Mediation is generally understood as an informal process in which a neutral third party with no power to impose a resolution helps the disputing parties try to reach a mutually acceptable settlement. Culture is particularly relevant to mediation practices since it shapes the way individuals view conflict and approach conflict resolution. In the mid-1980s, the idea culture was important for understanding and responding to conflict was largely dismissed by policy makers, practitioners, and scholars outside of anthropology. Culture is a complex construct in our society and thus it is a difficult term to define. The two cultural anthropologists, Kroeber and Kluckhohn, came up with 160 different definitions of culture. In the context of Mediation, the definition of culture Global Mediation adopting is: a set of values and beliefs acquired from learning, experience, and social upbringing, which creates implicit social rules or a code of ethics and behaviour within a specific group. This definition will be introduced to the members of Global Mediation as a subject for debate.
The goal is to develop a global certification system for mediators. Members will have to come to decide on what kind of knowledge needs to be acquired by the mediator in order for them to qualify for the certificate, in what form is this knowledge being given to mediators, what qualifications does this certificate give mediators, and what kind of assessment should be considered to effectively measure positive cultural aptitudes.
Eventually, the final product will be proposed to the International Mediation Institute for evaluation and potential adoption.
Contemporary Alternative Dispute Resolution, C-ADR, is an online directory for: newly developed conflict resolution models, and for ADR blogs by professionals in the field regarding their experience with ADR. C-ADR, aims to raise awareness about the cultural divides presented by ADR models and thus the limitations of ADR to solve cross cultural disputes. C-ADR is designed for students, high school age and above, conflict resolution teachers, professionals in the field, researchers and people with experience to explore more about the world of ADR and contemporary ADR, and be able to share their own thoughts and ideas to help us achieve our goal, through a thought share/discussion page on the website. C-ADR is a new startup, a non-profit business model.
Traditional ADR models tend to reflect the accepted norms of a society and resolve the dispute accordingly, thus injustice and discriminatory norms may be reflected through the ADR models if they are commonly seen as an acceptable act in the society. For example, in some Palestinian societies resolving conflicts is based on local norms which are often discriminatory against women, similarly in the United States some social norms may discriminate against people of color or immigrants. ADR fails to solve systematic injustice by applying the accepted norms to the conflict resolution method rather than refining them to eliminate regression and violation of human rights. Alternative dispute resolution models are meant to be tools for equity not for law and to ease the conflict resolution process. This cannot be achieved if the models are built based on one specific cultural norms in a diverse country/society.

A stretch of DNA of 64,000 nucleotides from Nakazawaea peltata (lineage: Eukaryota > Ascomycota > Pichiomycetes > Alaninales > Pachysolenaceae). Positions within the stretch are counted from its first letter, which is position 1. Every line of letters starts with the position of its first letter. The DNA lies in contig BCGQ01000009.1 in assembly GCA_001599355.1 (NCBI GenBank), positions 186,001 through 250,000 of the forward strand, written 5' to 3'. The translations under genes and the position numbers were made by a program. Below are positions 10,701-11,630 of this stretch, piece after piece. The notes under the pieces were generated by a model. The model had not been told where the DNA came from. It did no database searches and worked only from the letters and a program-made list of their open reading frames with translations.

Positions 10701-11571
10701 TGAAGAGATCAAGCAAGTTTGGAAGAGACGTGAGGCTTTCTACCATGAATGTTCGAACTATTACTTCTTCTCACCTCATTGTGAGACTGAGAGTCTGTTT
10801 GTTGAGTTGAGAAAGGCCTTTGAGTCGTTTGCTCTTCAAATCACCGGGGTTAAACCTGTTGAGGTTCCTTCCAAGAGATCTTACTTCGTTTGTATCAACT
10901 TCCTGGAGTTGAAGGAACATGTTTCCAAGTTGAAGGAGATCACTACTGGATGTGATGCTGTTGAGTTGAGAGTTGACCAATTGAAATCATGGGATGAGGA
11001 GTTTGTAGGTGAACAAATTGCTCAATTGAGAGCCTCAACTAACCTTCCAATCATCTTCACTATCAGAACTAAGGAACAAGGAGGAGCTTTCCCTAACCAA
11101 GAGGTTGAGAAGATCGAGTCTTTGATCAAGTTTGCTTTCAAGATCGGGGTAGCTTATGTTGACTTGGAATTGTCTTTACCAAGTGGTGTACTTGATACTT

ADR models, such as the Quaker Mediation model, is claimed to be an international model, however, it is hard to evaluate its efficiency since the mediation results are always confidential. From personal experience with the model, the Quaker model presents a certain behavior and social skills as ideal, normal and respectful from a Western perspective, which invalidates it's international usability. C-ADR attempts to evaluate these models by drawing connections to all professionals blogs about ADR.
C-ADR allows the user to develop their understanding of ADR, their application and limitation -by looking at it through a cultural lens-, and participate in finding a solution by sharing their ideas and thoughts. This is achieved by sharing the blogs writing by professionals from their experience in applying ADR to real life situations, and collecting the models that others have developed based on the need for different approaches to resolving conflicts and reflecting on both.